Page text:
The OIG also noted that the agency's capacity to assess risks with extensions of unsecured credit may have been lessened because of a lack of examiners.

Like other financial institutions, Home Loan banks are allowed to be active in short-term, unsecured credit markets like commercial paper, banknotes, and federal funds, which typically takes place on an overnight basis or for no longer than a nine-month period. But such activities are not typically considered a core of part of their banks' mission.

Among the 12 Banks, extensions of unsecured credit to foreign institutions accounted for 10.2% of the system's assets and 28.6% of its investment portfolio as of June 2011. Those with the largest exposures included the Home Loan banks in Seattle (20.2%), Topeka (15.5%), and Boston (14.9%).

More specifically, unsecured credit lending rose to $123 billion by early 2011, up from $66 billion at the end of 2008, according to data collected by the OIG.

Lending to foreign financial institutions accounted for the preponderance of the increased exposure. Unsecured credit to those institutions doubled to $101 billion by last April, as compared to lending to domestic institutions, which remained relatively static.

"Unsecured credit to foreign borrowers was the driving force behind the FHLBanks' increased unsecured credit extensions in 2010 and early 2011," the report stated.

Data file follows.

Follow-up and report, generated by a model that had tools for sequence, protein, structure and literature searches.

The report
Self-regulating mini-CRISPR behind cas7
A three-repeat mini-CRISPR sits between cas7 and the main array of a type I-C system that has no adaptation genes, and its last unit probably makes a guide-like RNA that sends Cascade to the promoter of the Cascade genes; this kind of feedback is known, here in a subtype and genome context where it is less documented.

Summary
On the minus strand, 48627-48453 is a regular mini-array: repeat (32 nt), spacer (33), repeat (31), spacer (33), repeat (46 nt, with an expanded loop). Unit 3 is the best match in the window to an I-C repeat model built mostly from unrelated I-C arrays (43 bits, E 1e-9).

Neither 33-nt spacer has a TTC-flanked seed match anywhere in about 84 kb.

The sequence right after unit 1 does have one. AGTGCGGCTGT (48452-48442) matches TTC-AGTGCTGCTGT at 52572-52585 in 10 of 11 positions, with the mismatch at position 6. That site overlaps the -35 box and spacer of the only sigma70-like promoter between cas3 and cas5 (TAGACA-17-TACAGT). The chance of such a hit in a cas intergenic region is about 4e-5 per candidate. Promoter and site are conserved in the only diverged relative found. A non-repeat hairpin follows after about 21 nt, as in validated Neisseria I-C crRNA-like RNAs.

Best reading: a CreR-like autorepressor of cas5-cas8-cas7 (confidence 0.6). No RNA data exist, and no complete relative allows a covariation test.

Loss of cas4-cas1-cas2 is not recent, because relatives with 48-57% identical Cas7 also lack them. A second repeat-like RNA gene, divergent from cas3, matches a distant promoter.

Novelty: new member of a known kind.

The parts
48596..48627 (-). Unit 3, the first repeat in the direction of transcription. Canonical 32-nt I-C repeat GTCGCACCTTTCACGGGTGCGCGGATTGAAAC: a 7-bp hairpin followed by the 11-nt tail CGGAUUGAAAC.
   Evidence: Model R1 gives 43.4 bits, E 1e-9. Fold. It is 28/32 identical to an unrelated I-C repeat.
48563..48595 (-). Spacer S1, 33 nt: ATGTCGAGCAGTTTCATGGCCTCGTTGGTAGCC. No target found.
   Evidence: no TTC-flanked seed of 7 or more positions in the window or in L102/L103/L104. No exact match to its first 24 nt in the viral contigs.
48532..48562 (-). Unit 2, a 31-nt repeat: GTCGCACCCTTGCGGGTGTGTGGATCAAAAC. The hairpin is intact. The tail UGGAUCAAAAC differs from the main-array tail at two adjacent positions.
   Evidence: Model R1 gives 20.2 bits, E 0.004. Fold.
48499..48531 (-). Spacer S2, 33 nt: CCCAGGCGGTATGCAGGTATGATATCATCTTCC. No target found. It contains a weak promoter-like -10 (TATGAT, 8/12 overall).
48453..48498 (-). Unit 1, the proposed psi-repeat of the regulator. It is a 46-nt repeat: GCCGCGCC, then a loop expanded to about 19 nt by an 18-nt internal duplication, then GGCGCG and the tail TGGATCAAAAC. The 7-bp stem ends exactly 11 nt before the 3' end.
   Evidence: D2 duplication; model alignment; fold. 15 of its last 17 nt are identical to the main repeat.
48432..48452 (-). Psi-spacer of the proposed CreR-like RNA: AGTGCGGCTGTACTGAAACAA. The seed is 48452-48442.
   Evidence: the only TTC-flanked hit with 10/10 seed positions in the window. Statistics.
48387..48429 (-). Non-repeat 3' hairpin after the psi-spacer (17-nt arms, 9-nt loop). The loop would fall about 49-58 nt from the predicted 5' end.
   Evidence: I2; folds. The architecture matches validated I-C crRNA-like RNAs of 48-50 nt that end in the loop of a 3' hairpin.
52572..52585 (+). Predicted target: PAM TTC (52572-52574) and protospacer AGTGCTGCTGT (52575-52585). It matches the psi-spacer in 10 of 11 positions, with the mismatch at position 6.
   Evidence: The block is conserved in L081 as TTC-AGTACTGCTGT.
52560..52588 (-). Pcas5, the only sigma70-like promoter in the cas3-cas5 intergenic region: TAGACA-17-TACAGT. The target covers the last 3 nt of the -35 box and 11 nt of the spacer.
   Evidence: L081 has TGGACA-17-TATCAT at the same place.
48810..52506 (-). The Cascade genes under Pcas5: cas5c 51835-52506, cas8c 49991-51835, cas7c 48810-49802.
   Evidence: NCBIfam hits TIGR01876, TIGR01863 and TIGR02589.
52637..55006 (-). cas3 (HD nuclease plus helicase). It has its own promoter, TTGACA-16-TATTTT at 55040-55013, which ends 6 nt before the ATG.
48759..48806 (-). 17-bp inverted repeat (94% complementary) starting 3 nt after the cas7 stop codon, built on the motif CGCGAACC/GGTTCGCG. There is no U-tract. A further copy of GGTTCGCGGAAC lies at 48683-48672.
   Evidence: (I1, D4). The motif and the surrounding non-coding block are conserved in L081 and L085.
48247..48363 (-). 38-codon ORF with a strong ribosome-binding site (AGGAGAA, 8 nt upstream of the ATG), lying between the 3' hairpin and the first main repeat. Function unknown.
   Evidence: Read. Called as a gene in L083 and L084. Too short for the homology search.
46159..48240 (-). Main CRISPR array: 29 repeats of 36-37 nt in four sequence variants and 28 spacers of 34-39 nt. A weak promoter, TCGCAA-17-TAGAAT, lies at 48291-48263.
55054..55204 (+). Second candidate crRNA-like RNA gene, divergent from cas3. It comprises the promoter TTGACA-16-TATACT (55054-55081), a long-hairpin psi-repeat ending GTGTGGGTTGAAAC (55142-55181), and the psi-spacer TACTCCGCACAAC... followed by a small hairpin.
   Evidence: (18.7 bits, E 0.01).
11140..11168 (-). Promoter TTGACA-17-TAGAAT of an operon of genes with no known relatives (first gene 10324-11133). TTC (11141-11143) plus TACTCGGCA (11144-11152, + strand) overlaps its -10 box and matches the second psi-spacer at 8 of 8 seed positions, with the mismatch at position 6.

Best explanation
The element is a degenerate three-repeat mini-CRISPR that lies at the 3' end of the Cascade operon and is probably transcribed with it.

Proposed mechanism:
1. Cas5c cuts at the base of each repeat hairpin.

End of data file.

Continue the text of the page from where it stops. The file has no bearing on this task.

Of the $101 billion total to foreign institutions, 70% of the unsecured credit issued by the banks was made to European financial institutions. More than half were to firms in the Eurozone, like Germany and France, while another 25% went to non-Eurozone countries like Sweden. The rest of the exposures were made to firms in Canada and Australia, 22% and 10% respectively.

Other data collected by the OIG demonstrated just how risky these extensions of unsecured credit to European financial institutions were. For example, Home Loan banks extended a total of $6 billion, or 8% of all foreign exposure, to institutions in Spain, whose sovereign debt rating was riskier than that of other European countries. The Home Loan banks have since ended such lending to Spanish firms.